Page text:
• The policy was sold in conjunction with another activity for which the selling business was covered by us; or,
    • The complaint could have been considered by one of the previous dispute resolution schemes that we took over from.
    My complaint would have been considered by one of the previous schemes, namely the ABI code of conduct.
  • dunstonhdunstonh Forumite
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    My point was that this ISN'T the case with my policy, which says I must cancel by writing to Cofidis. This suggests to me that there may have been a commercial link-up between the two, though I would welcome your thoughts.

    Not necessarily.    Some intermediaries like to keep control.  Often so they can try and talk you out of it.       Despite intermediaries often saying deal with the insurer direct, they can deal with these things themselves if they wish.

    Furthermore, my response from the FOS appears to contradict your assertion that: 'Agency relationship does not pass liability to the insurer.' In my response from the FOS, it says:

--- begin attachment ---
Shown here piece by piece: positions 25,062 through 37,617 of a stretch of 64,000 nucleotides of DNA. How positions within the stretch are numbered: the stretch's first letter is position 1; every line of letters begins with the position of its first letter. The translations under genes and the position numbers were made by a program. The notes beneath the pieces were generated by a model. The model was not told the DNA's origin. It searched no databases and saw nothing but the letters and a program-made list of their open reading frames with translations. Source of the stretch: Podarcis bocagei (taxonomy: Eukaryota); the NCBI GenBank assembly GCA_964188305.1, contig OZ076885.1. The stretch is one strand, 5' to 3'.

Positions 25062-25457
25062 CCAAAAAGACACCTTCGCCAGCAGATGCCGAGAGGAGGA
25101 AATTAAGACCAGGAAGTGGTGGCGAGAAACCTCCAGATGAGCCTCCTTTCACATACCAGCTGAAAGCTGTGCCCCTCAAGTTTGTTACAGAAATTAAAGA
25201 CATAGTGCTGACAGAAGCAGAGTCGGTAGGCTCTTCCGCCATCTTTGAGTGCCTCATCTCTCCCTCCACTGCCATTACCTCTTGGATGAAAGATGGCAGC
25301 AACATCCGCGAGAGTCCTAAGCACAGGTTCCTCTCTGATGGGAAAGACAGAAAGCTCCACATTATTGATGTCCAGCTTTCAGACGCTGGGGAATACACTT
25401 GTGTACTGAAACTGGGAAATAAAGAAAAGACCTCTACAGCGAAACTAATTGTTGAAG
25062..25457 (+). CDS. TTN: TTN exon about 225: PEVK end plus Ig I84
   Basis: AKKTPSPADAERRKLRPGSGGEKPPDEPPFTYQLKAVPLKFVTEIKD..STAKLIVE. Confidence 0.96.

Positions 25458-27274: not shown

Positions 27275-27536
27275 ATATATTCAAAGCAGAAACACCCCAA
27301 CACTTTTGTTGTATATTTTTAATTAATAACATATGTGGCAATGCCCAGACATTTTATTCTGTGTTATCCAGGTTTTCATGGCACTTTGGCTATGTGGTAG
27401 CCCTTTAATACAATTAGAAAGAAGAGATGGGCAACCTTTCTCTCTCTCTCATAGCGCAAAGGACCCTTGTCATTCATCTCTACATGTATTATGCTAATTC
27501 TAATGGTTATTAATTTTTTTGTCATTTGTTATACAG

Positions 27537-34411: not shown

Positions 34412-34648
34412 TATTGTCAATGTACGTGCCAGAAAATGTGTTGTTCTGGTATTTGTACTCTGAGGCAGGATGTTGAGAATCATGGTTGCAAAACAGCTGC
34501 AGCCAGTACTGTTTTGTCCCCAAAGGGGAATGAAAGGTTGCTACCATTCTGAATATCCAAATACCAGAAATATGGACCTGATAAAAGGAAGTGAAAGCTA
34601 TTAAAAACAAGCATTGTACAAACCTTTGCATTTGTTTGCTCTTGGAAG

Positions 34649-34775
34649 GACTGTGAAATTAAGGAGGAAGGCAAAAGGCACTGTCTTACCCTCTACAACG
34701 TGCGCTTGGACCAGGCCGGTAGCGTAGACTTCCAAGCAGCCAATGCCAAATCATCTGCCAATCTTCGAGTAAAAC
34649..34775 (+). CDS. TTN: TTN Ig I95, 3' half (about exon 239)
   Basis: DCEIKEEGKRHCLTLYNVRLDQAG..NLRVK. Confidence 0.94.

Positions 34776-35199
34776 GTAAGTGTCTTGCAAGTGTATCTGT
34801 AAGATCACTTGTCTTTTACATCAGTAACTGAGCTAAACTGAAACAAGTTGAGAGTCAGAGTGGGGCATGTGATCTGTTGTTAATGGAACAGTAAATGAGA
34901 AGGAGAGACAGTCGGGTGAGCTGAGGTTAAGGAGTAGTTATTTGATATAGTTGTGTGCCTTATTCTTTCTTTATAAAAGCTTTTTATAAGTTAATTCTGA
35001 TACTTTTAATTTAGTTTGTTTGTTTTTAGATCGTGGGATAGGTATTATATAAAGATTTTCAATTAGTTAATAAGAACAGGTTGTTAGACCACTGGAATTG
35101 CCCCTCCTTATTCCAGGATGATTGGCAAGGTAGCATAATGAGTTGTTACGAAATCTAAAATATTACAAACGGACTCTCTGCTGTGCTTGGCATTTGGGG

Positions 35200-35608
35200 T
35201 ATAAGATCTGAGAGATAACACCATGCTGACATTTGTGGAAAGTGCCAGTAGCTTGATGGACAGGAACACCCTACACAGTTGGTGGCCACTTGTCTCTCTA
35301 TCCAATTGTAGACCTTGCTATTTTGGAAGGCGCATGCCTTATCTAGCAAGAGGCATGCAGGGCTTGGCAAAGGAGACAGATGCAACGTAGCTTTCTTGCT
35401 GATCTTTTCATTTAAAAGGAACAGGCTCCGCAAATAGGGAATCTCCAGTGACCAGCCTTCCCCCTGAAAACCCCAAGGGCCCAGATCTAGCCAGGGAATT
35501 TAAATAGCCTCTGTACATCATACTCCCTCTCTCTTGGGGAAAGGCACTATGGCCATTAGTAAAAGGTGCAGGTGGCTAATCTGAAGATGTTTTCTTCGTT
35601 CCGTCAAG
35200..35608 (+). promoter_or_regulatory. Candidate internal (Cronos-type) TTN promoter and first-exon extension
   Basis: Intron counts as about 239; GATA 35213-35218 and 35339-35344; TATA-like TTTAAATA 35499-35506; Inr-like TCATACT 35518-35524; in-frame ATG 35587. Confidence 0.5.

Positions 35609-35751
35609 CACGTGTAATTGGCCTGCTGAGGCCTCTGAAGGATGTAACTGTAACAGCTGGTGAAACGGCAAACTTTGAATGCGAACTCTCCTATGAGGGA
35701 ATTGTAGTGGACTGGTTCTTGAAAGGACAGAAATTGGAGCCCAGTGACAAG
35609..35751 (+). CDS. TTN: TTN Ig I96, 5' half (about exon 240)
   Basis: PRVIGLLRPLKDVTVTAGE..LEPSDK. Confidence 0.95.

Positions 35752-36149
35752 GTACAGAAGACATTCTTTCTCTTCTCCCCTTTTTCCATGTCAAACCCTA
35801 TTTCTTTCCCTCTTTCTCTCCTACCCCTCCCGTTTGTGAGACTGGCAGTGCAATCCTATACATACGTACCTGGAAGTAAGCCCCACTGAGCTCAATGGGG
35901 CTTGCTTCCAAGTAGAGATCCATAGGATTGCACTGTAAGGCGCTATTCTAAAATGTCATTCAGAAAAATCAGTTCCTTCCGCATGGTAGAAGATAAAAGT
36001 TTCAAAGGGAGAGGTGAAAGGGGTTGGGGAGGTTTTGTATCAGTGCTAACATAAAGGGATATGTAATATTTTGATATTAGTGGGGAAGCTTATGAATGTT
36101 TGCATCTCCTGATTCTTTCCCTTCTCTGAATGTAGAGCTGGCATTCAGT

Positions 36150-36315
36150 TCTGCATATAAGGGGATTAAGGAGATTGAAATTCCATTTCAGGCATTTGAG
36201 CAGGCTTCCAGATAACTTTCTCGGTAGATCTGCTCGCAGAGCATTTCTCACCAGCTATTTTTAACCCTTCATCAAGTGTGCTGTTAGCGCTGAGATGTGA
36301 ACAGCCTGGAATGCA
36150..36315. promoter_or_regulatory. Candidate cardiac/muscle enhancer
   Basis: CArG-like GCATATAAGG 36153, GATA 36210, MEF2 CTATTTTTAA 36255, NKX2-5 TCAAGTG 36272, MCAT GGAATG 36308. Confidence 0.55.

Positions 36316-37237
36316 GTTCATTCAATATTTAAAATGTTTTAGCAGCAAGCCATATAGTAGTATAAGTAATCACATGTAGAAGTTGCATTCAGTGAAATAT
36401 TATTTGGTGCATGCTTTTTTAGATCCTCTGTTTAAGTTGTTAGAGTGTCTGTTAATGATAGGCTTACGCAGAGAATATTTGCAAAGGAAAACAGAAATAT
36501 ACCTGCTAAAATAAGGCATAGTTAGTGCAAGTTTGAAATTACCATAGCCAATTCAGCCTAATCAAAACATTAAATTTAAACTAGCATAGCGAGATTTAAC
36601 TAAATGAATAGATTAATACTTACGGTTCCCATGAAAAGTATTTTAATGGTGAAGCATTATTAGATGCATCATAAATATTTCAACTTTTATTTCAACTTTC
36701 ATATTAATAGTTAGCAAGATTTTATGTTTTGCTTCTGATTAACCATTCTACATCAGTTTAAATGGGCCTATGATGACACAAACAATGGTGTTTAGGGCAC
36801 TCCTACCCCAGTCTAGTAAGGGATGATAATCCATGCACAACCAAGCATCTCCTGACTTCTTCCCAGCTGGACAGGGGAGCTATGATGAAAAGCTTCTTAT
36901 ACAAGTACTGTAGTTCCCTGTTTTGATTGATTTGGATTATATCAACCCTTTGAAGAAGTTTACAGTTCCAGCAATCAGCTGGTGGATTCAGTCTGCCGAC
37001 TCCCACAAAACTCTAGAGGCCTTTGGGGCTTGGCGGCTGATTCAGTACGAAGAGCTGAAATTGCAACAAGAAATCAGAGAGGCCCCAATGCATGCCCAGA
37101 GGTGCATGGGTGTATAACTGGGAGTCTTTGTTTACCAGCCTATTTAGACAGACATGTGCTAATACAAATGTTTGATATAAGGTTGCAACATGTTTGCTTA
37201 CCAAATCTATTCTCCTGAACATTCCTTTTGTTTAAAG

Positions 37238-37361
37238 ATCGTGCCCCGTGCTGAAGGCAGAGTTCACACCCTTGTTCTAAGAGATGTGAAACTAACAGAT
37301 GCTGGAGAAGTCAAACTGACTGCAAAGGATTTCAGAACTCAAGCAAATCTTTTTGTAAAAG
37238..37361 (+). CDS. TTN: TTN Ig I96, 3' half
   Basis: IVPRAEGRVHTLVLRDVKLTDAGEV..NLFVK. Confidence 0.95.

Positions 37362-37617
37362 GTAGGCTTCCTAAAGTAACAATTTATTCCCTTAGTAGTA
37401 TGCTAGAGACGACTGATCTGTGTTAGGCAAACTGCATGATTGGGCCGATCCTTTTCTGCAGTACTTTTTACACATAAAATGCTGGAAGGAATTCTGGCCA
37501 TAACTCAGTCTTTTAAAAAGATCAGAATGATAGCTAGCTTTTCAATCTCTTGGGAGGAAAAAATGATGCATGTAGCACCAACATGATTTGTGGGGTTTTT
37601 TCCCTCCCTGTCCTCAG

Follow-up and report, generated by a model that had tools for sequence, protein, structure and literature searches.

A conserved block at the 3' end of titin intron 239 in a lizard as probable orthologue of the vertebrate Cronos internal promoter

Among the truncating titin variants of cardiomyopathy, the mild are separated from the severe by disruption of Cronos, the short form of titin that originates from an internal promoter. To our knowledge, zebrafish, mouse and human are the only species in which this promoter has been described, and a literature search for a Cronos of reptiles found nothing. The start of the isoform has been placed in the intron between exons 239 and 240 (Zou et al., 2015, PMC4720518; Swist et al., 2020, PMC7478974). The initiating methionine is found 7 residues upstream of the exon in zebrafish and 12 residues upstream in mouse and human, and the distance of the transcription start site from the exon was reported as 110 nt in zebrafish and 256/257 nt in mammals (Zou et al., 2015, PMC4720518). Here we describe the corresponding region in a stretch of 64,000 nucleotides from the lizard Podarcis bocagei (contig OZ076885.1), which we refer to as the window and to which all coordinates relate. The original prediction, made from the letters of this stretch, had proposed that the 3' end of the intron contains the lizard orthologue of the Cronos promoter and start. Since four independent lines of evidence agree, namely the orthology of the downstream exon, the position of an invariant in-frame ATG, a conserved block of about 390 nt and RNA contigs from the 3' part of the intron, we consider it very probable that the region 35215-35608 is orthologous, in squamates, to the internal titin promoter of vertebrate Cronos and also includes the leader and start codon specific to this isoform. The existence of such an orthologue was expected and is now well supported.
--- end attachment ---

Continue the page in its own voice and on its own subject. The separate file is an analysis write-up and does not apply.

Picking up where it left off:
Agency and acting as agent are two different things.     Acting as agent of the insurer would see the insurer responsible.  Having an "agency relationship" as you called it in post#1 is normal for independent intermediaries.  e.g. I have agencies with most insurers but I am not an agent of the insurer.   The insurer is not liable for sales made by an independent or unlinked intermediary with an agency relationship.  It is liable if the seller is an agent of the insurer.

    Sometimes the terminology gets merged and mixed up.  For example, my agencies have an agent code despite not being an agent.   And an intermediary can also be an agent of the insurer. The key bit is whether the seller was an agent of the insurer.

    My complaint would have been considered by one of the previous schemes, namely the ABI code of conduct.

    Typically, the ABI would see the insurer liable, even though its pre-regulation, if the seller was an agent of the insurer but not an independent intermediary.  That also assumes the insurer was a member of the ABI at the time. Many were not at that time.  Just as many did not join the GISC (which wouldn't apply in this case due to dates)

    I am an Independent Financial Adviser (IFA). The comments I make are just my opinion and are for discussion purposes only. They are not financial advice and you should not treat them as such. If you feel an area discussed may be relevant to you, then please seek advice from an Independent Financial Adviser local to you.
  • edited 18 May at 2:06AM
    Fred_FunkFred_Funk Forumite
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    edited 18 May at 2:06AM